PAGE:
The archbishop of Buenos Aires, Jorge Mario Bergoglio, has been selected to become the next Pope, leading the Catholic Church. Like his predecessors, Pope Benedict XVI and Pope John Paul II, he is a staunch pro-life advocate when it comes to abortion.
Last year, then-Cardinal Bergoglio stated, “Abortion is never a solution. We listen, support and understanding from our place to save two lives: respect the human being small and helpless, they can take steps to preserve your life, allow birth and then be creative in the search for ways to bring it to its full development.”
He once called abortion a “death sentence” for unborn children, during a 2007 speech and likening opposition to abortion to opposition to the death penalty.
In an October 2, 2007 speech Bergoglio said that “we aren’t in agreement with the death penalty,” but “in Argentina we have the death penalty. A child conceived by the rape of a mentally ill or retarded woman can be condemned to death.”
The remarks came during the presentation of a document called the Aparecida Document, a joint statement of the bishops of Latin America.
The document, which the new Pope presented on behalf of his colleagues at the time and signed of on, referred to abortion and communion, said “we should commit ourselves to ‘eucharistic coherence’, that is, we should be conscious that people cannot receive holy communion and at the same time act or speak against the commandments, in particular when abortion, euthanasia, and other serious crimes against life and family are facilitated. This responsibility applies particularly to legislators, governors, and health professionals.”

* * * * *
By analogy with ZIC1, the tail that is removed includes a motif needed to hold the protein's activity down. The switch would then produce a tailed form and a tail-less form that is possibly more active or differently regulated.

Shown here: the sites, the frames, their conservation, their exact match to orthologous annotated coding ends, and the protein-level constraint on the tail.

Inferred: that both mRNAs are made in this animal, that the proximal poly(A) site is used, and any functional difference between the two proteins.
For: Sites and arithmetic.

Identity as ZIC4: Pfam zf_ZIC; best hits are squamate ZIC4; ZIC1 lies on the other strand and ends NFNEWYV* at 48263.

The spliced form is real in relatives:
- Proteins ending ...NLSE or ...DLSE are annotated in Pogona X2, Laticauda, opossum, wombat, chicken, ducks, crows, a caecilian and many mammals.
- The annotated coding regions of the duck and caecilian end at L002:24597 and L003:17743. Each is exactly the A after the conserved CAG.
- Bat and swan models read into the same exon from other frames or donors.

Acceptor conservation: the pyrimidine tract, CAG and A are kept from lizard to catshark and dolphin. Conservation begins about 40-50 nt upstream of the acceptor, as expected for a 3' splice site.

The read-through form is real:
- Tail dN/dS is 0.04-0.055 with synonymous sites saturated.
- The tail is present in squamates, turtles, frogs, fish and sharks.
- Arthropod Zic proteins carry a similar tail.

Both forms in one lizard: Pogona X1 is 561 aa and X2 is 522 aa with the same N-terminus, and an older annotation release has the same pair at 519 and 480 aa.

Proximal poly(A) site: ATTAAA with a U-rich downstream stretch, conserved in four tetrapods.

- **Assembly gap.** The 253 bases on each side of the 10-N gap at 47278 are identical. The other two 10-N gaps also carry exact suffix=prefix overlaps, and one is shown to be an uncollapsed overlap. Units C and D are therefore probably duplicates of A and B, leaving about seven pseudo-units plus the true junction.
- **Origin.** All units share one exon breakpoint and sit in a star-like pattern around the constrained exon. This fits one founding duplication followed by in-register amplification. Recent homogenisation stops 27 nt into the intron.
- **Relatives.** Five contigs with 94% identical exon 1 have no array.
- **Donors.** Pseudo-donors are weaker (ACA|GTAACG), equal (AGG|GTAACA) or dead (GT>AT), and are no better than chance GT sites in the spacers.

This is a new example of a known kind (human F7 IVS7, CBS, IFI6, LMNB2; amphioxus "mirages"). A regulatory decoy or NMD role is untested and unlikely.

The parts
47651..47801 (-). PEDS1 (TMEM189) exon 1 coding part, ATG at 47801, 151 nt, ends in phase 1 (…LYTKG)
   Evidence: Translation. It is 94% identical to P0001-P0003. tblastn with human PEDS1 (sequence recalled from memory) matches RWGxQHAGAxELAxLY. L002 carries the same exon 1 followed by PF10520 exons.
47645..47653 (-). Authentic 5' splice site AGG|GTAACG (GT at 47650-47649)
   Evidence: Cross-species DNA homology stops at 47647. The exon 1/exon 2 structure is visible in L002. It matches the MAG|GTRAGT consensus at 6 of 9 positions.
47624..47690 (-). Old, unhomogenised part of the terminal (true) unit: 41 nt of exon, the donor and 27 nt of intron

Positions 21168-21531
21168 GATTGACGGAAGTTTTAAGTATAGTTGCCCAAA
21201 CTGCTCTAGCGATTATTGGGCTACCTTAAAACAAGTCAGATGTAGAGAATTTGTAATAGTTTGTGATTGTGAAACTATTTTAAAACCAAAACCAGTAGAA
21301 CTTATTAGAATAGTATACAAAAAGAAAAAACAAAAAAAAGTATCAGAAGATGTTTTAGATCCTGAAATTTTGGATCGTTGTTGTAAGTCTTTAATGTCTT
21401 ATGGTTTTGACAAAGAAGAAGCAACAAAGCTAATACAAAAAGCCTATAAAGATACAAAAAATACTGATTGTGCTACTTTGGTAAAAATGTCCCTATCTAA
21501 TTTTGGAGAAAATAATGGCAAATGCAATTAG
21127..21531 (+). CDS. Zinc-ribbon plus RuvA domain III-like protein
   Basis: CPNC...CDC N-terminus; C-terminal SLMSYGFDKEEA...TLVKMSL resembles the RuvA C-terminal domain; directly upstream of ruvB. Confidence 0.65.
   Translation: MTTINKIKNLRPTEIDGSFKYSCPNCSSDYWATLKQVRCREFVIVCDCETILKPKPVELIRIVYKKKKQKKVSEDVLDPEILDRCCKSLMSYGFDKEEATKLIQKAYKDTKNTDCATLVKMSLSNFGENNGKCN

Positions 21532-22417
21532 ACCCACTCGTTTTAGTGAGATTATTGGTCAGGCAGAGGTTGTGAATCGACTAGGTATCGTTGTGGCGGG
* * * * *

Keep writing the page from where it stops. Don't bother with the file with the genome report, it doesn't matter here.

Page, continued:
Archbishop Bergoglio said then that “the most mentioned word in the Aparecida Document is ‘life’, because the Church is very conscious of the fact that the cheapest thing in Latin America, the thing with the lowest price, is life.”
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The new pontiff also denounced euthanasia and assisted suicide, calling it a “culture of discarding” the elderly.
“In Argentina there is clandestine euthanasia. Social services pay up to a certain point; if you pass it, ‘die, you are very old’. Today, elderly people are discarded when, in reality, they are the seat of wisdom of the society,” he said “The right to life means allowing people to live and not killing, allowing them to grow, to eat, to be educated, to be healed, and to be permitted to die with dignity.”
Meanwhile, he made the following comments to his priests last year: “In our ecclesiastical region there are priests who don’t baptize the children of single mothers because they weren’t conceived in the sanctity of marriage. These are today’s hypocrites… Those who separate the people of God from salvation. And this poor girl who, rather than returning the child to sender, had the courage to carry it into the world, must wander from parish to parish so that it’s baptized!”